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The Info List - Central Park West





Route map: Google Template:Attached KML/Eighth Avenue (Manhattan) KML is from Wikidata

Eighth Avenue

Facing north from 32nd Street

Other name(s) Central Park
Central Park
West (59th-110th Sts) Douglass Boulevard (north of 110th St)

Owner City of New York

Maintained by NYCDOT

Length 7.8 mi[1] (12.6 km)

Location Manhattan, New York City

South end Hudson / Bleecker Streets in West Village

Major junctions Columbus Circle
Columbus Circle
in Midtown Frederick Douglass Circle
Frederick Douglass Circle
in Harlem

North end Harlem
Harlem
River Drive in Washington Heights

East Greenwich Avenue
Greenwich Avenue
& 4th Street (below 14th Street) Seventh Avenue (14th -59th Streets) West Drive (59th-110th Streets) Adam Clayton Powell Jr. Boulevard
Adam Clayton Powell Jr. Boulevard
(above 110th Street)

West Hudson Street (below 14th Street) Ninth Avenue (14th-59th Streets) Columbus Avenue (59th-100th Streets) Manhattan
Manhattan
Avenue (100th-124th Streets) St. Nicholas Avenue
St. Nicholas Avenue
(above 124th Street)

Construction

Commissioned March 1811

The Hearst Tower at West 57th Street and Eighth Avenue

Eighth Avenue is a major north-south avenue on the west side of Manhattan
Manhattan
in New York City, carrying northbound traffic below 59th Street. While the avenue has different names at different points in Manhattan, it is actually one continuous stretch of road.

Contents

1 Description

1.1 Southernmost section 1.2 Central Park
Central Park
West 1.3 Frederick Douglass Boulevard

2 Points of interest 3 Gallery 4 References 5 External links

Description[edit] Eighth Avenue begins in the West Village neighborhood at Abingdon Square (where Hudson Street becomes 8th Avenue at an intersection with Bleecker Street) and runs north for 44 blocks through Chelsea, the Garment District, Hell's Kitchen's east end, Midtown and the Broadway theatre district in the eponymous neighborhood, before it finally enters Columbus Circle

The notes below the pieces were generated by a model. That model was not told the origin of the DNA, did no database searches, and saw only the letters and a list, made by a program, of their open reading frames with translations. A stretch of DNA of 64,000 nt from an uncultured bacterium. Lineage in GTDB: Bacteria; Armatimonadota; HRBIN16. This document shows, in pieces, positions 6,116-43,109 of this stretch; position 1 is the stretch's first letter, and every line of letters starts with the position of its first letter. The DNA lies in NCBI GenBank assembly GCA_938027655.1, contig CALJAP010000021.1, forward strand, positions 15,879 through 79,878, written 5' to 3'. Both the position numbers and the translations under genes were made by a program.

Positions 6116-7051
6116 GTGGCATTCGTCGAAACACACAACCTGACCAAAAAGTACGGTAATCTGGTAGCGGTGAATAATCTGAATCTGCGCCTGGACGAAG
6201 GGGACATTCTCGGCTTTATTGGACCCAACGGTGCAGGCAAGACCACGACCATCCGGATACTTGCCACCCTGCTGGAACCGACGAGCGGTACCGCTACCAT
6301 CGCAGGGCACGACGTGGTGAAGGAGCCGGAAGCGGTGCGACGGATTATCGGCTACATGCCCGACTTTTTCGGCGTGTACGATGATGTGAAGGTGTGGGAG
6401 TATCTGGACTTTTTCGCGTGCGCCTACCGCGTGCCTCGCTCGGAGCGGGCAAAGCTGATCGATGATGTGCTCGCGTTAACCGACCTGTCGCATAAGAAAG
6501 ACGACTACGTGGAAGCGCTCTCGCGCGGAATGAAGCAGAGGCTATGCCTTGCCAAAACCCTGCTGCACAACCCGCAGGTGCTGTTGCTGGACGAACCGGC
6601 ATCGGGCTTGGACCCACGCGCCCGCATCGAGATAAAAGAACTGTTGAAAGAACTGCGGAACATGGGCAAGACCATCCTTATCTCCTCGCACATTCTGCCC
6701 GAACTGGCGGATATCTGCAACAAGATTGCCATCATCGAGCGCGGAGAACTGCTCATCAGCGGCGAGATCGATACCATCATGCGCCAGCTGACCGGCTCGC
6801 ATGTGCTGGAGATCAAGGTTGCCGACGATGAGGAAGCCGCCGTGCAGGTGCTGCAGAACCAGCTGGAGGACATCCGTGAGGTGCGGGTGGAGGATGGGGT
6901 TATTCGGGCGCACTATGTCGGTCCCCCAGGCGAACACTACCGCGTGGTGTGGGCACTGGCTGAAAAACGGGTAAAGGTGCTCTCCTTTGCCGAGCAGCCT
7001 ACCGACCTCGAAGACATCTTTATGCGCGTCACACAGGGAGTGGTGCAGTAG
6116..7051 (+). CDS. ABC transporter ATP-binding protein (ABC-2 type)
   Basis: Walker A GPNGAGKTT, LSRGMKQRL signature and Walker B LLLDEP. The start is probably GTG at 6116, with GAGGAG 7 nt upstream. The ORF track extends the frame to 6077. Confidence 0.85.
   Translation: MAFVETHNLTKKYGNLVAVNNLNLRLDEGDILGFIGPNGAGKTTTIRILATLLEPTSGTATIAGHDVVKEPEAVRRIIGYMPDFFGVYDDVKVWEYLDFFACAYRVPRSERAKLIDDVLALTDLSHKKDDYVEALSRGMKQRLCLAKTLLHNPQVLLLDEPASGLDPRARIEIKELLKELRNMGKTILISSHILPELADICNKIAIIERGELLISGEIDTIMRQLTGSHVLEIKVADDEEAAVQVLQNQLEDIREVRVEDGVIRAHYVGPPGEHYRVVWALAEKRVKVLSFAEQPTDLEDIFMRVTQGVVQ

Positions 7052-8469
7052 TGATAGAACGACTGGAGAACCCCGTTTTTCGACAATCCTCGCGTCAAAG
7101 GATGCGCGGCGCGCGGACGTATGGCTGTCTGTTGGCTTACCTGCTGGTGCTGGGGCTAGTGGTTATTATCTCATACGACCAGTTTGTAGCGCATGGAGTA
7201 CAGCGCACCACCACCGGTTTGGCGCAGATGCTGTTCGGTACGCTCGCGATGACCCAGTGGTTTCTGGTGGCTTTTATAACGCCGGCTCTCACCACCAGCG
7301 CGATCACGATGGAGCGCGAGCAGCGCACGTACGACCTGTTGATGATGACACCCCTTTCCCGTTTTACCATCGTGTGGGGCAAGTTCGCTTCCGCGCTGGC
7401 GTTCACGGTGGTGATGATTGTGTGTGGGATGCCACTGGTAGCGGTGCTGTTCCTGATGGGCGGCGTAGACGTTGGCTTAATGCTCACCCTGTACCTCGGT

Columbus Circle
at 59th Street and becomes Central Park
Central Park
West. North of Frederick Douglass Circle, it resumes its Eighth Avenue designation, but is also known as Frederick Douglass Boulevard. The avenue ends north of 155th Street, and merges into the Harlem
Harlem
River Drive. The New York City
New York City
Subway IND Eighth Avenue Line
IND Eighth Avenue Line
(A, ​C, and ​E trains in Lower Manhattan
Manhattan
and the A, ​B, ​C, and ​D trains in Upper Manhattan) runs under Eighth Avenue.[2][3] MTA Regional Bus Operations
MTA Regional Bus Operations
primarily operates two bus routes on the avenue. The northbound M20 serves Eighth Avenue between Abingdon Square and Columbus Circle, while the M10 serves the length of Eighth Avenue north of 59th Street in its entirety.[4] Southernmost section[edit] The southernmost section is known solely as Eighth Avenue between Abingdon Square
Abingdon Square
and Columbus Circle. This portion of Eighth Avenue has carried traffic one-way northbound since June 6, 1954.[5] Since the 1990s, the stretch of Eighth Avenue that runs through Greenwich Village
Greenwich Village
and its adjacent Chelsea neighborhood has been a center of the city's gay community, with bars and restaurants catering to gay men. In fact, New York City's annual gay pride parade takes place along the Greenwich Village
Greenwich Village
section of Eighth Avenue. Also, along with Times Square, the portion of Eighth Avenue from 42nd Street to 50th Street was an informal red-light district in the late 1960s, 1970s, and 1980s before it was controversially renovated into a more family friendly environment under the first mayoral administration of Rudolph Giuliani. Central Park
Central Park
West[edit] For the 1995–96 soap opera, see Central Park
Central Park
West (TV series). For the historic district, see Central Park
Central Park
West Historic District.

The American Museum of Natural History

Housing cooperatives on CPW. The San Remo
The San Remo
on the right, The Langham right from center, The Dakota
The Dakota
left from center, and The Majestic on the far left.

North of Columbus Circle, the roadway becomes Central Park
Central Park
West; unlike many Manhattan
Manhattan
avenues, CPW has traffic running in two directions, and has addresses inconsistent with those of the rest of Eighth Avenue. As its name indicates, CPW forms the western edge of Central Park. It also forms the eastern boundary of the Upper West Side. It runs 51 blocks from Columbus Circle